Following the original publication of Volume 1 of the Civitates in 1572, seven further editions of 1575, 1577, 1582, 1588, 1593, 1599 and 1612 can be identified. Vol.2, first issued in 1575, was followed by further editions in 1597 and 1612. The subsequent volumes appeared in 1581, 1588, 1593, 1599 and 1606. The German translation of the first volume appeared from 1574 on, and the French edition from 1575 on.

Several printers were involved: Theodor Graminaeus, Heinrich von Aich, Gottfried von Kempen, Johannis Sinniger, Bertram Buchholtz and Peter von Brachel, who all worked in Cologne.

Georg Braun (1541-1622)

Georg Braun was born in Cologne in 1541. After his studies in Cologne, he entered the Jesuit Order as a novice. 1561, he obtained his bachelor's degree, and in 1562, he received his Magister Artium. Although he left the Jesuit Order, he studied theology, gaining a licentiate in theology.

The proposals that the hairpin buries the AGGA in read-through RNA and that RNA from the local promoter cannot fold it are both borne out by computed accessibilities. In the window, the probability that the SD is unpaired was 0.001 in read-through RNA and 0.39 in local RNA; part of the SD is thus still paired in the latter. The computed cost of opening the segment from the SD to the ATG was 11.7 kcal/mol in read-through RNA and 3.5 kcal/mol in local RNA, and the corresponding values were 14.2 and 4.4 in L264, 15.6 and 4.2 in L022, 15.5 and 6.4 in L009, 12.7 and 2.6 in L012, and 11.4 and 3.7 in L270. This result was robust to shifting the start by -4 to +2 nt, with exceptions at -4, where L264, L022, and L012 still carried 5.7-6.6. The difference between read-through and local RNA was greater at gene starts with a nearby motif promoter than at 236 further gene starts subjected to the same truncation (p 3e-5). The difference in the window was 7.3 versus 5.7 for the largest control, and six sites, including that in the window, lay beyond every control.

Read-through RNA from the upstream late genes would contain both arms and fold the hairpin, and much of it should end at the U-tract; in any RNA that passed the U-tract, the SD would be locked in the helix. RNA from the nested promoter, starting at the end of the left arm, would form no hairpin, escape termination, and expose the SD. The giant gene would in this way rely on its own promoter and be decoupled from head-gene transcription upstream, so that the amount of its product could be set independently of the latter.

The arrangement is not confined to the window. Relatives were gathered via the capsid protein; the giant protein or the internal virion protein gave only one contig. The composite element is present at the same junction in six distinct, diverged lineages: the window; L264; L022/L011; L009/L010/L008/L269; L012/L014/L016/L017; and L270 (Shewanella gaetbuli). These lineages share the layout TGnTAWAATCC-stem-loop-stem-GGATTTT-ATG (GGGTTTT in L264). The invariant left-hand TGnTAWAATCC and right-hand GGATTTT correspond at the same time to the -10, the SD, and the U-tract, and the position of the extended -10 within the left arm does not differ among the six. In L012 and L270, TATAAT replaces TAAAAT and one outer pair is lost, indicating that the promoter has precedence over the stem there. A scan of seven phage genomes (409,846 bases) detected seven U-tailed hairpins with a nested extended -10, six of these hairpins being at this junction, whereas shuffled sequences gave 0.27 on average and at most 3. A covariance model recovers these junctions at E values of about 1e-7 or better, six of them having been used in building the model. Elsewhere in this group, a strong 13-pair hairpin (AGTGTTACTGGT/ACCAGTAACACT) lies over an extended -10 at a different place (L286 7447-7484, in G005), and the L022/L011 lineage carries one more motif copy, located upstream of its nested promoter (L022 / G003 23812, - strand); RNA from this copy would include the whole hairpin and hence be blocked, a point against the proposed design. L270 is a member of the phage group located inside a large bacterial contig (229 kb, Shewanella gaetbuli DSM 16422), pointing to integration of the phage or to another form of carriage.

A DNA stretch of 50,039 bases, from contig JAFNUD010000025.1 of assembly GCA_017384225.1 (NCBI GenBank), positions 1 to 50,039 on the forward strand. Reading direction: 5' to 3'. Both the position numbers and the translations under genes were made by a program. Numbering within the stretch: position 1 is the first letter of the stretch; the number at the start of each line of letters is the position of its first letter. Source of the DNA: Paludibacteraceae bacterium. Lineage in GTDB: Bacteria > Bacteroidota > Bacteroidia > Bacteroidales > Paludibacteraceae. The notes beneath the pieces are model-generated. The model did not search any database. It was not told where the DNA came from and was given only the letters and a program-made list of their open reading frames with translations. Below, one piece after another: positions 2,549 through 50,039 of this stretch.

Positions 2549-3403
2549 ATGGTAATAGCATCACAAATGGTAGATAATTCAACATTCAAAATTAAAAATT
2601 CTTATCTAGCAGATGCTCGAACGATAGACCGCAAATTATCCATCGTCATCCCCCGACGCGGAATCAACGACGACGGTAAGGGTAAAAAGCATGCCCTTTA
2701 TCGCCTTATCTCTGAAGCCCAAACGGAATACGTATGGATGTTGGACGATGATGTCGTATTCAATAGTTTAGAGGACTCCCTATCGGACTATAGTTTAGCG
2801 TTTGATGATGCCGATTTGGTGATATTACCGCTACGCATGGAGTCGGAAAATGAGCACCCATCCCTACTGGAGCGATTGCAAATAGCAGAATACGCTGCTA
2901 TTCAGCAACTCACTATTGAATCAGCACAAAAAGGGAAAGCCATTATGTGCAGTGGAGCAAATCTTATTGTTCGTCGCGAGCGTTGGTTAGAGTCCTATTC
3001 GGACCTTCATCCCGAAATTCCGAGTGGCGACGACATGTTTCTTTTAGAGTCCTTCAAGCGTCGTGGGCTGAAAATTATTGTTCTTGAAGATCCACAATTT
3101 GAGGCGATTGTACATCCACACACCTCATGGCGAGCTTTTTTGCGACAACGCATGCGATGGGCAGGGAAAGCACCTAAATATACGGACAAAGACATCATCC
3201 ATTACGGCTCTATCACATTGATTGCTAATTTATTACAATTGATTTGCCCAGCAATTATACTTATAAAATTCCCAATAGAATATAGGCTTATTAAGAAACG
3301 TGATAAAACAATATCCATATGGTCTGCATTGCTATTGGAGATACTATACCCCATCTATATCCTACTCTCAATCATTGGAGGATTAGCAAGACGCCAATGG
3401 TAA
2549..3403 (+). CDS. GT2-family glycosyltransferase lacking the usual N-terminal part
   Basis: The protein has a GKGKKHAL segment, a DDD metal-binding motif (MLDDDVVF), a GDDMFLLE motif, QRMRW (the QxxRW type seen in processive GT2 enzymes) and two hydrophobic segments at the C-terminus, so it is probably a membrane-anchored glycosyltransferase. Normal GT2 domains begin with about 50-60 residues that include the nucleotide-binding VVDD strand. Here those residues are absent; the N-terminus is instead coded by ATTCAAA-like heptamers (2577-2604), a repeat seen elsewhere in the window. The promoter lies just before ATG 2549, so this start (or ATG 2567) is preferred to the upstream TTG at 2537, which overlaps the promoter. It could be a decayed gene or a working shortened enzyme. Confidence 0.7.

Frans Hogenberg (1535-1590)

Frans Hogenberg was a Flemish and German painter, engraver, and mapmaker. He was born in Mechelen as the son of Nicolaas Hogenberg.

By the end of the 1560s, Frans Hogenberg was employed upon Abraham Ortelius's Theatrum Orbis Terrarum, published in 1570; he is named an engraver of numerous maps. In 1568, he was banned from Antwerp by the Duke of Alva and travelled to London, where he stayed a few years before emigrating to Cologne. He immediately embarked on his two most important works, the Civitates, published in 1572 and the Geschichtsblätter, which appeared in several series from 1569 until about 1587.

Thanks to large-scale projects like the Geschichtsblätter and the Civitates, Hogenberg's social circumstances improved with each passing year. He died as a wealthy man in Cologne in 1590.

References: Van der Krogt 4 - #4849 State 2; Taschen (Br. Hog.) - p.393; Fauser - #15575